of the month on which they had died, often with a record of the financial
arrangements made to provide prayers.58 Canons of the church in question were expected to make suitable arrangements for their commemoration. Lists of living inmates and benefactors, known as libri vitae after
the Book of Life in Revelation, tended usually to be a feature of monastic
rather than of clerical communities, but could often include clergy from
elsewhere.59
Administrative sources provide by far the largest body of material for
the study of the clergy in the high Middle Ages. Most valuable for all
areas are charter collections, which can be used to build up bodies of
information about clergy serving churches on particular groups of estates
or the canons and minor clergy of particular cathedrals or collegiate
churches. Since the body of surviving charter material for the whole area
is so vast, especially in the twelfth century, this study will concentrate on
materials in print. For most of this period the overwhelming majority of
charters are land grants, which convey information about clergy usually
55
56
57
58
59
Urbare und Wirtschaftsordnungen des Domstifts zu Bamberg, ed. E. von Guttenberg and A.
Wendehorst, Veröffentlichungen der Gesellschaft für fränkische Geschichte, 10.7
(Würzburg, 1969), 112–14; see also MUB, I, no 492 (Archbishop Adalbert I of Mainz,
25 September 1121), for a similar arrangement for the canons of St Severus in Erfurt.
Urbare und Wirtschaftsordnungen, 107–12; Samuel Muller, ‘Der Haushalt des Utrechter
Domkapitels um das Jahr 1200’, Westdeutsche Zeitschrift für Geschichte und Kunst, 22
(1903), 286–320, at 313–16.
See discussion by Jan Gerchow, Die Gedenküberlieferung der Angelsachsen: Mit einem
Katalog der libri vitae und Necrologien (Berlin, 1988), 87–106.
E.g., for Chartres: Obituaires de la province de Sens, ed. A. Molinier and A. Longnon,
4 vols. (Paris, 1902–23), II, Diocèse de Chartres, ed. A. Molinier (1906); for Exeter:
Death and Memory in Medieval Exeter, ed. David Lepine and Nicholas Orme, Devon
and Cornwall Record Society, new series, 46 (Exeter, 2003) tr. of Exeter obit book; for
Hereford: Fasti, VIII, 99–158; for Liège: L’obituaire de Saint-Lambert Liège (XIe–XVe
siècles), ed. Alain Marchandisse (Brussels, 1991); for Minden: Necrologien, Anniversarienund Obödienzverzeichnisse des Mindener Domkapitels aus dem 13. Jahrhundert, ed. Ulrich
Rasche, MGH Libri Memoriales et necrologia, nova series, 5 (Hanover, 1998). For an
obit book from a collegiate church: Die Stiftskirche des hl. Viktor zu Xanten: Das älteste
Totenbuch des Stiftes Xanten, ed. F.W. Oediger (Kevelaer, 1958).
The Liber Vitae of the New Minster and Hyde Abbey, Winchester: British Library Stowe 944,
ed. Simon Keynes (Copenhagen, 1996); and see below Chapter 6 n. 129.
18
Introduction
only incidentally, for example if they occur as witnesses or (occasionally)
as grantors or beneficiaries; grants of land to cathedrals quite often reveal
the internal administrative structures of these institutions and sometimes
also shed light on the careers and family relationships of individual
canons. Quite often, and increasingly so towards the end of our period,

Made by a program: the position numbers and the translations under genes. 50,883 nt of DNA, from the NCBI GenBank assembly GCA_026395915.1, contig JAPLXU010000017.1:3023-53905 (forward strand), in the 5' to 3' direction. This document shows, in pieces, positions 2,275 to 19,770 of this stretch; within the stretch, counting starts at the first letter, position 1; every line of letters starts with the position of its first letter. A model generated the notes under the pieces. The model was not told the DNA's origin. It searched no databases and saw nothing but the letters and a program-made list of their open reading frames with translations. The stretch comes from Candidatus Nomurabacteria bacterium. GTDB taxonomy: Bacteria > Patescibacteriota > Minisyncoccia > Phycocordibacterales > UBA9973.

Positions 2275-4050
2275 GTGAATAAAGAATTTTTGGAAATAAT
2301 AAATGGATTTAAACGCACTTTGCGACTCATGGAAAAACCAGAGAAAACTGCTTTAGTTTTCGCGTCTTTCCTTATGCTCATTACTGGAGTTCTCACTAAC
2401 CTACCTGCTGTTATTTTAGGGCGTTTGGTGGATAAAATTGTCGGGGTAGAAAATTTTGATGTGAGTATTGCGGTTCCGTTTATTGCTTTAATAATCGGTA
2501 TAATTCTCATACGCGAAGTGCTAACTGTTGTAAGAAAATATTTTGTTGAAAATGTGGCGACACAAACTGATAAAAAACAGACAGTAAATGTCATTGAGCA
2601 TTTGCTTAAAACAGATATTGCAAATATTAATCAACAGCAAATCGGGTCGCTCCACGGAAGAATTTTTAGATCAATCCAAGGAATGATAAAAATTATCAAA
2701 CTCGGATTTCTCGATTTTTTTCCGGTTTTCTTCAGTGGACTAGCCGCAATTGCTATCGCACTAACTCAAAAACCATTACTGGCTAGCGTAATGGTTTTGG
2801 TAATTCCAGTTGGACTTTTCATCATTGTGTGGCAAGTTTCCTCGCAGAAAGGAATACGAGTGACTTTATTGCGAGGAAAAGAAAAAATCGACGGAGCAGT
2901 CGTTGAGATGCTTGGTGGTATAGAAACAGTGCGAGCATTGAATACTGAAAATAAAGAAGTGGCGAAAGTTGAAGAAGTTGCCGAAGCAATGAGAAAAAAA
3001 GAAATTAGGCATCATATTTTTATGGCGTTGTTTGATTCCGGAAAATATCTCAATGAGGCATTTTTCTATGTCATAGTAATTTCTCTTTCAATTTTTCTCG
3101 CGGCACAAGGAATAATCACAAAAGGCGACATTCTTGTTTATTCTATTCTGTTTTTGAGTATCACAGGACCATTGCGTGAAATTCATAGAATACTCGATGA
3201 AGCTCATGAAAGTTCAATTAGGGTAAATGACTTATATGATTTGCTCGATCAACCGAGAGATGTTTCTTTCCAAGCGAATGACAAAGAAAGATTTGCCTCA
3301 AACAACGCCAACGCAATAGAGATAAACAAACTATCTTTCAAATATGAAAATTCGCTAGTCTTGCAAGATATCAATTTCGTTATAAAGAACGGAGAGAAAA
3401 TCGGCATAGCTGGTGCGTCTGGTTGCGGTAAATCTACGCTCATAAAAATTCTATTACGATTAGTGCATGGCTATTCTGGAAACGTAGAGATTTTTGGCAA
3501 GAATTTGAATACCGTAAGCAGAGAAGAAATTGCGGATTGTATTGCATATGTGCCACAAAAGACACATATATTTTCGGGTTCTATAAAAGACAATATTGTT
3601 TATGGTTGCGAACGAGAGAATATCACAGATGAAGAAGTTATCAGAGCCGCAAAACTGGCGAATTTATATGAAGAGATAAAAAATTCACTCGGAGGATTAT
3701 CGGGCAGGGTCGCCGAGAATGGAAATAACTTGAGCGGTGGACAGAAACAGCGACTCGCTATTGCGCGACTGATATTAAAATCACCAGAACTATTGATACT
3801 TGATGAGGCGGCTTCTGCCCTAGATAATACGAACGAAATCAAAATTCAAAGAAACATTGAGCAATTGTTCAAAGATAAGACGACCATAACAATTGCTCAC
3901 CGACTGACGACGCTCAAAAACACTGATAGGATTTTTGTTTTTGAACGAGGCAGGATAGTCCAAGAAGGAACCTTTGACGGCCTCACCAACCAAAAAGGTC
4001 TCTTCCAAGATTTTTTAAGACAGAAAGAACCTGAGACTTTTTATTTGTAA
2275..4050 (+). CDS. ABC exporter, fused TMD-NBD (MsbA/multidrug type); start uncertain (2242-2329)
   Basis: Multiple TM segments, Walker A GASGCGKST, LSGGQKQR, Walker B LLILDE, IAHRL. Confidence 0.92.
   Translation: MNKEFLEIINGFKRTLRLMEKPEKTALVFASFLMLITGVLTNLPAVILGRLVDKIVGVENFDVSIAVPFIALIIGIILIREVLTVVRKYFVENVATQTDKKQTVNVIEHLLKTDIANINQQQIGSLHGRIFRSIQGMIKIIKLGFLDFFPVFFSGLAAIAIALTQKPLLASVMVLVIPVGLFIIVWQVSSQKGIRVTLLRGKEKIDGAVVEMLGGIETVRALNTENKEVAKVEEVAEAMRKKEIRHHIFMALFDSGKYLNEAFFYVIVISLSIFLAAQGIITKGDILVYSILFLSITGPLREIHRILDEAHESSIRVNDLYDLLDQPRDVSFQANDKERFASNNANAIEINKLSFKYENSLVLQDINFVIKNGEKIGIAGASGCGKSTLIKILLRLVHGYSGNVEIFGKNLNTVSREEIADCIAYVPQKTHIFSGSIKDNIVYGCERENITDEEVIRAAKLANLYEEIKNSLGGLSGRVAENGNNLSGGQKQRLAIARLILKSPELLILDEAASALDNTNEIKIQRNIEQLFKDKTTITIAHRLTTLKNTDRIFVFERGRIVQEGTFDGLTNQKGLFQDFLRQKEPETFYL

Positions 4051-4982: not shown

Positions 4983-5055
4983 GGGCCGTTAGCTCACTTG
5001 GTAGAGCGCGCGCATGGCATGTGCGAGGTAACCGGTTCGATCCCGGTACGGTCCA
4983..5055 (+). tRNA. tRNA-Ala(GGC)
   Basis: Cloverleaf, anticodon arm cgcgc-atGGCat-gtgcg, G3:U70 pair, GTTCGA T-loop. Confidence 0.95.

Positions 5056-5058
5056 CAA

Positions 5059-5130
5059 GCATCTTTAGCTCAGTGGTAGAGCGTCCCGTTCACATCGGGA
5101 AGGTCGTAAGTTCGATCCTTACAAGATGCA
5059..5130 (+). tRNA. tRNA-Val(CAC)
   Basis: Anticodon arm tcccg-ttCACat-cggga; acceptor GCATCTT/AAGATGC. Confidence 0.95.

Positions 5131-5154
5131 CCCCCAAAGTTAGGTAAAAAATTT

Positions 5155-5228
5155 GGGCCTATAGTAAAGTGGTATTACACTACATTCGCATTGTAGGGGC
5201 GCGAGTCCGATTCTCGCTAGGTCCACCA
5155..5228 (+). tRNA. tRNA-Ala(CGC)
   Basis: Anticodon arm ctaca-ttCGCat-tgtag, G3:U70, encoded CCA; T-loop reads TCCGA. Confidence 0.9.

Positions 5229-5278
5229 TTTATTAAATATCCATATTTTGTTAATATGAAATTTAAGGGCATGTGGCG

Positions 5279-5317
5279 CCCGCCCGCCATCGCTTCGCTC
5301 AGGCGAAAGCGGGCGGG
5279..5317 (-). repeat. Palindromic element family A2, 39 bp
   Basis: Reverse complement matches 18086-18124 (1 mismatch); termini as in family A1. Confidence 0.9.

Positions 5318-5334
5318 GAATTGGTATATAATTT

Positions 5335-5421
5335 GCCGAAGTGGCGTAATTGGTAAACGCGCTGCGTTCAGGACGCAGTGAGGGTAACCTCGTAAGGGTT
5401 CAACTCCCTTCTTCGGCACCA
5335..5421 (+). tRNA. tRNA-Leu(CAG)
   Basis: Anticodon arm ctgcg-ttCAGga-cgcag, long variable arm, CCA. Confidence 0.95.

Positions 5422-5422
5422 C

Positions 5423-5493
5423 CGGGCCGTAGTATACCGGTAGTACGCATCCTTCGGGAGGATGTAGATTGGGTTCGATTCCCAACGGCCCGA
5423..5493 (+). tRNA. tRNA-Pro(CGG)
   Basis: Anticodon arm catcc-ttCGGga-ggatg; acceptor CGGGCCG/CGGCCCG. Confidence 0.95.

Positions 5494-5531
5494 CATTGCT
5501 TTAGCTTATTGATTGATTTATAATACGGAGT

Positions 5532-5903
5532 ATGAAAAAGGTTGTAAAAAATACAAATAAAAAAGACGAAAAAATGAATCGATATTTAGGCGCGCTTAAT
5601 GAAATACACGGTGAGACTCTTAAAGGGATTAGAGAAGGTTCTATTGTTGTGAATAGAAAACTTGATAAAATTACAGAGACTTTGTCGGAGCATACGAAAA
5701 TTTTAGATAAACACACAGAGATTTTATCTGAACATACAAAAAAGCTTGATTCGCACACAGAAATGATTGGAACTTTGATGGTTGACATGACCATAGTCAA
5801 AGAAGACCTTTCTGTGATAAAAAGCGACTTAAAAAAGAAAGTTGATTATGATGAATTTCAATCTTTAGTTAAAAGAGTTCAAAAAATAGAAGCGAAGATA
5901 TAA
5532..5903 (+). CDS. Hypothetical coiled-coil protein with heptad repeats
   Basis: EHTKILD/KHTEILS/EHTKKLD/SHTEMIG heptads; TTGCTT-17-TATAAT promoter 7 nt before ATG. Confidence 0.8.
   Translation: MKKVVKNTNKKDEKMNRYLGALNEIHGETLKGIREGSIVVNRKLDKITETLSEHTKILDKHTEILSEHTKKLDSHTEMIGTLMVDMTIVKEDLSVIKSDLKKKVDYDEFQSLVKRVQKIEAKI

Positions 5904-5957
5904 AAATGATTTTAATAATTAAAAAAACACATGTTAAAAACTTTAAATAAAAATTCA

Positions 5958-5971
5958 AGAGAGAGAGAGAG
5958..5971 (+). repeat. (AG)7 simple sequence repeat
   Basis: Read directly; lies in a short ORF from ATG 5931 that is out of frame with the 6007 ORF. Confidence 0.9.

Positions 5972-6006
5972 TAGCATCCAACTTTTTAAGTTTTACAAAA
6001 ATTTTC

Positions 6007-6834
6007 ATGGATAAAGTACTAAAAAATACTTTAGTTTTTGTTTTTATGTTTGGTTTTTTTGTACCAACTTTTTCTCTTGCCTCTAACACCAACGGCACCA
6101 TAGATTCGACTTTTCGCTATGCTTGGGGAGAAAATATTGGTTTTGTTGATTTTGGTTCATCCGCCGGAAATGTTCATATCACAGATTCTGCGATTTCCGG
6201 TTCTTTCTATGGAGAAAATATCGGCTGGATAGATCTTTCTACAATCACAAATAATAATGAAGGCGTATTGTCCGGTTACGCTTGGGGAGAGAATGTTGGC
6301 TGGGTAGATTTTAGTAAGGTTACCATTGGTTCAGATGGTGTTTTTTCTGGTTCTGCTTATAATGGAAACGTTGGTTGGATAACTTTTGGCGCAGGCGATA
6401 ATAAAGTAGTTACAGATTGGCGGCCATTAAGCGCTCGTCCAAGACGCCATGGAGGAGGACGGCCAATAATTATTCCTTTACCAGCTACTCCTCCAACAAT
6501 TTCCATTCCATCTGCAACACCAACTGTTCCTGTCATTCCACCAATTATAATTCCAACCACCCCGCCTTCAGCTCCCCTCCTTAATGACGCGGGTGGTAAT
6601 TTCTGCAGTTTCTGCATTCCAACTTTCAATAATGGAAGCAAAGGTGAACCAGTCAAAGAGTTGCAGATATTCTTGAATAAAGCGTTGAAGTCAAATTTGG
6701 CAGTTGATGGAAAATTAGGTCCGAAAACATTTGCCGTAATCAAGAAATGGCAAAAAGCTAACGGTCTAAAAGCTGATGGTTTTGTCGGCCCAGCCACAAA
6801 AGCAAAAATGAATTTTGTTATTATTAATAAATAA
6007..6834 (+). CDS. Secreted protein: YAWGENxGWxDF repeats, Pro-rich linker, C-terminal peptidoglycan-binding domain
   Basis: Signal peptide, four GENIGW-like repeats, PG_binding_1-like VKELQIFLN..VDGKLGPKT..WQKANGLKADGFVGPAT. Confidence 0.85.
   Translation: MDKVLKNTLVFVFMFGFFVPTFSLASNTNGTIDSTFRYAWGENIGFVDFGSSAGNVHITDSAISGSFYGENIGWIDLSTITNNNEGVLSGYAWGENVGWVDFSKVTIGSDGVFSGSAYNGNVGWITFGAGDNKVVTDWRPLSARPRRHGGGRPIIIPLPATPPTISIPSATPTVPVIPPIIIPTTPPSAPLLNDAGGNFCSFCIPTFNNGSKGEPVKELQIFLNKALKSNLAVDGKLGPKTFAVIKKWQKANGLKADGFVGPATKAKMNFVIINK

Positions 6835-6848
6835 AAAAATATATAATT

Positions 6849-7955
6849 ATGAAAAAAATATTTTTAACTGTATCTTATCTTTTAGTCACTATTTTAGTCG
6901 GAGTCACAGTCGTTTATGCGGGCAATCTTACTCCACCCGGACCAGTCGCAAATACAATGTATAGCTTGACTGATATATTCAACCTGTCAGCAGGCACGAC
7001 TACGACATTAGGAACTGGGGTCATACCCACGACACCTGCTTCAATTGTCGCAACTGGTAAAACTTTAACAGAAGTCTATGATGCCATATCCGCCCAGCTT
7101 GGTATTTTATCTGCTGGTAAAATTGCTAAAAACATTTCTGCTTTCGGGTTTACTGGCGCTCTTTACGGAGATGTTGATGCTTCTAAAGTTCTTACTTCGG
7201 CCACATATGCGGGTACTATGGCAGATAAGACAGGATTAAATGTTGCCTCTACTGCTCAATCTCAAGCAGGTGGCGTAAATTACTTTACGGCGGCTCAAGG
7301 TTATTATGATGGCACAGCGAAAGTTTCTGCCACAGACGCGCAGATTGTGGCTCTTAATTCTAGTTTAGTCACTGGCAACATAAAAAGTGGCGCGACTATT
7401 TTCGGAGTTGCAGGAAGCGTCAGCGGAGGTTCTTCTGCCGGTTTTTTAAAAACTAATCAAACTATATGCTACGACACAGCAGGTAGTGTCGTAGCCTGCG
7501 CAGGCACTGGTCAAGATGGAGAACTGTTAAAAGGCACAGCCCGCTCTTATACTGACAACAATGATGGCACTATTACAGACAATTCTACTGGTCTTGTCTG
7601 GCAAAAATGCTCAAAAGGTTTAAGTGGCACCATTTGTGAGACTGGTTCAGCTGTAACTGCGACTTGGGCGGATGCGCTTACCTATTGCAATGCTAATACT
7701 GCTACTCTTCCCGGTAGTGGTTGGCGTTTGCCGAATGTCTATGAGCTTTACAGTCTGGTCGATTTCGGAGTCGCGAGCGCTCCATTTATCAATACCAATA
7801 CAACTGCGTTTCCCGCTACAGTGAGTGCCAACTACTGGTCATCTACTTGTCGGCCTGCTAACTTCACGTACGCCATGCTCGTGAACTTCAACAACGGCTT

grants made to cathedrals were made by their own canons, especially to
set up their own anniversary services in advance of their deaths.60 These
documents are particularly revealing about clerical family networks, and
so too, from the early thirteenth century, are written wills, which bishops
began to expect their clergy (and eventually also better-off laity) to make
to dispose of all property whose disposition would not otherwise be
accounted for by common or customary law: in practice this meant most
moveables.61 Increasing in number throughout this period are charters
recording the grants of churches or other forms of ecclesiastical property,
such as tithes, which can shed light on the clergy serving these churches.
From the late eleventh century onwards, ecclesiastical strictures against
secular ownership of churches tightened and quite a few landowners,
finding themselves unable to benefit much financially from the patronage
(advowson) of parish churches, gave away their rights to monastic
houses.62 During this period it became necessary to obtain episcopal
approval for such grants, and numbers of episcopal charters rose.63 Soon
after this, bishops began to be concerned that the monastic houses were
60
61
62
63
For examples of canons setting up anniversary services see Early Charters of the Cathedral
Church of St Paul, London, ed. M. Gibbs, Camden Society, 3rd series, 58 (London,
1939), nos 103, 119, 126, 169, 206, 277; and Antiquus cartularius ecclesiae Baiocensis
(Livre Noir), ed. Valentin Bourrienne, 2 vols. (Rouen and Paris, 1902–3), II, nos 343,
369–70, 376, 381–4, 387–8.
See Chapters 4 and 9 below; Michael Sheehan, The Will in Medieval England: from the
Conversion of the Anglo-Saxons to the End of the Thirteenth Century (Toronto, 1963).
For discussion of parish churches in monastic hands, see Giles Constable, Monastic
Tithes: From Their Origins to the Twelfth Century (Cambridge, 1964); B.R. Kemp,
‘Monastic possession of parish churches in England in the twelfth century’, JEH, 31
(1980), 133–60; C. Harper-Bill, ‘The struggle for benefices in twelfth-century East
Anglia’, ANS, 11 (1989), 113–32. For general context, see Susan Wood, The